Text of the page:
Mechanical Properties of Stacked Cup Carbon NanofibersGavin McFarland, M.Sc., Northwestern University, 2011.
Major Professor: Dr. Horacio D. Espinosa.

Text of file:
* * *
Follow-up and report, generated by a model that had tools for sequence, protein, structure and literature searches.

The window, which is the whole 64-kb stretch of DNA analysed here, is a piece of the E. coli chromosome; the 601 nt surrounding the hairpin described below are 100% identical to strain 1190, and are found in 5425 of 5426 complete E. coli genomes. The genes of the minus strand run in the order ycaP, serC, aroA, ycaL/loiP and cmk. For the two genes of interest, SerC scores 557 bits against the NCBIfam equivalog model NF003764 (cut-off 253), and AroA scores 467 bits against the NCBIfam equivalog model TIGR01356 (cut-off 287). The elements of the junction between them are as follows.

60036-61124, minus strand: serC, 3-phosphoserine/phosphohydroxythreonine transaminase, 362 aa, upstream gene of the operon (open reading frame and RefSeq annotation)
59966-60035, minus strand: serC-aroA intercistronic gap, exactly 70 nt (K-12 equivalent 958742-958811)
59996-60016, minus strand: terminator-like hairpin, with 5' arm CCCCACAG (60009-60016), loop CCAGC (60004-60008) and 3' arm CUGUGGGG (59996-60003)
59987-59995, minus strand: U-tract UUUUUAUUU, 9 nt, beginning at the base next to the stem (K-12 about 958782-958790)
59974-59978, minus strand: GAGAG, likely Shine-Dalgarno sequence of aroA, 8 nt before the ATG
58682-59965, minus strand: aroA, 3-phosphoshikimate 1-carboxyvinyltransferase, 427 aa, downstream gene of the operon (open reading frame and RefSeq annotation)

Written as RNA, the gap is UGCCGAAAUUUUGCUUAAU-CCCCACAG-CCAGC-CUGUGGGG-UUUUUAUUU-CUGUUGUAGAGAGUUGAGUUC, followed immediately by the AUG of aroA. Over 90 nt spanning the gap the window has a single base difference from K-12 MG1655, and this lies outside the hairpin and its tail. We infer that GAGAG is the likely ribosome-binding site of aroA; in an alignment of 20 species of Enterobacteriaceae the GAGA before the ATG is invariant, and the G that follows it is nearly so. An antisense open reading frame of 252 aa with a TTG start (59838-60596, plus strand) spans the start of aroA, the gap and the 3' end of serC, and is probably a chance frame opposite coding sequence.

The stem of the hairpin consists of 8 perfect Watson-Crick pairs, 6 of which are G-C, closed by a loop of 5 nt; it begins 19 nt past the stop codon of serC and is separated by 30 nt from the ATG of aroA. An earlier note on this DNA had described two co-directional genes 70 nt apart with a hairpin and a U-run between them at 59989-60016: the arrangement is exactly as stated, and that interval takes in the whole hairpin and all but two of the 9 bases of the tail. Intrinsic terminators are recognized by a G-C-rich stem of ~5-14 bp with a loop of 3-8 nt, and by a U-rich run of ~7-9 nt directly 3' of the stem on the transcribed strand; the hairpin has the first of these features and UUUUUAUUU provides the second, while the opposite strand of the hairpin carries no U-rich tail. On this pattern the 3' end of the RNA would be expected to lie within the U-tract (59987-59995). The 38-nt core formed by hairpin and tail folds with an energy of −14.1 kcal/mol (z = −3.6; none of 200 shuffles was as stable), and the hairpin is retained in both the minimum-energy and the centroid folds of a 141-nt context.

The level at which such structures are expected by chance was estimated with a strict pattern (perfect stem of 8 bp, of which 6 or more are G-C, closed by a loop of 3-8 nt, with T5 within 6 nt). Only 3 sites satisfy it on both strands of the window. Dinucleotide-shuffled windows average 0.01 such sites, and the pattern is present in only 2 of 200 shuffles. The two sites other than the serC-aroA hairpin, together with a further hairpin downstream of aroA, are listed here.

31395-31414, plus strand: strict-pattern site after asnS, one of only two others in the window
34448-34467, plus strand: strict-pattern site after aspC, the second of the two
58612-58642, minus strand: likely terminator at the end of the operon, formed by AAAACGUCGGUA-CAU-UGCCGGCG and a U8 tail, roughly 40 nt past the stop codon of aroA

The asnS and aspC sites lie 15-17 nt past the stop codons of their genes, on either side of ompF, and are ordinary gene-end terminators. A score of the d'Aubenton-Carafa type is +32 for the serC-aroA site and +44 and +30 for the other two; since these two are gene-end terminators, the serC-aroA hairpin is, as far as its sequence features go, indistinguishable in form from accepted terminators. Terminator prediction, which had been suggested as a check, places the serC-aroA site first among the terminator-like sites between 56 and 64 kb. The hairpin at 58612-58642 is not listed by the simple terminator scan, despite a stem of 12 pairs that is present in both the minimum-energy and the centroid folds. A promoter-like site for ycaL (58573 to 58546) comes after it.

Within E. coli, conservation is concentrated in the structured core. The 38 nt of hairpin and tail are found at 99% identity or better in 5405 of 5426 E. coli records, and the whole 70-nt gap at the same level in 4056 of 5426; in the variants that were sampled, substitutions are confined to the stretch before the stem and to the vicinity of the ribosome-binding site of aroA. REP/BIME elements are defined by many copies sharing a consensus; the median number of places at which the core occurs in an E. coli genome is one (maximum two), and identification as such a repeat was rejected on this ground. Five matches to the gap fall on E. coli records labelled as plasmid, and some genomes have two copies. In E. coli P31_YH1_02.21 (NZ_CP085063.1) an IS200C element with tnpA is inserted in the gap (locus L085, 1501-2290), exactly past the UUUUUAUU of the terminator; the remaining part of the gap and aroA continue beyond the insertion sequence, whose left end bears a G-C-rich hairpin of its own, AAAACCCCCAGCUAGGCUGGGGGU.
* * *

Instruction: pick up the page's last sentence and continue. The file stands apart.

Natural composites, such as nacre and bone, have very high toughness thanks to the rupture of noncovalent secondary bonds between chain segments of the organic phase. The rupture of these “sacrificial” bonds dissipates a great deal of energy while leaving the primary covalent bonds unbroken even at large strains. Stacked cup carbon nanofibers (CNFs) – helically coiled graphene ribbons with graphitic spacing between adjacent layers – have been shown to mimic that behavior through rupture of the π-π interactions between layers without harming the integrity of the graphene ribbon. In order to measure the mechanical properties of these CNFs, a tensile test was carried out in-situ SEM by affixing a CNF between a nanomanipulator probe and an AFM cantilever. Analysis difficulties forced several approximations to be used in order to obtain stress-strain data, and the modulus was computed to be around 3 GPa, though this likely undersells the true value by as much as three times. Furthermore, the CNF experienced brittle failure with no sign of any unraveling due to a stress concentration at the tip of the probe.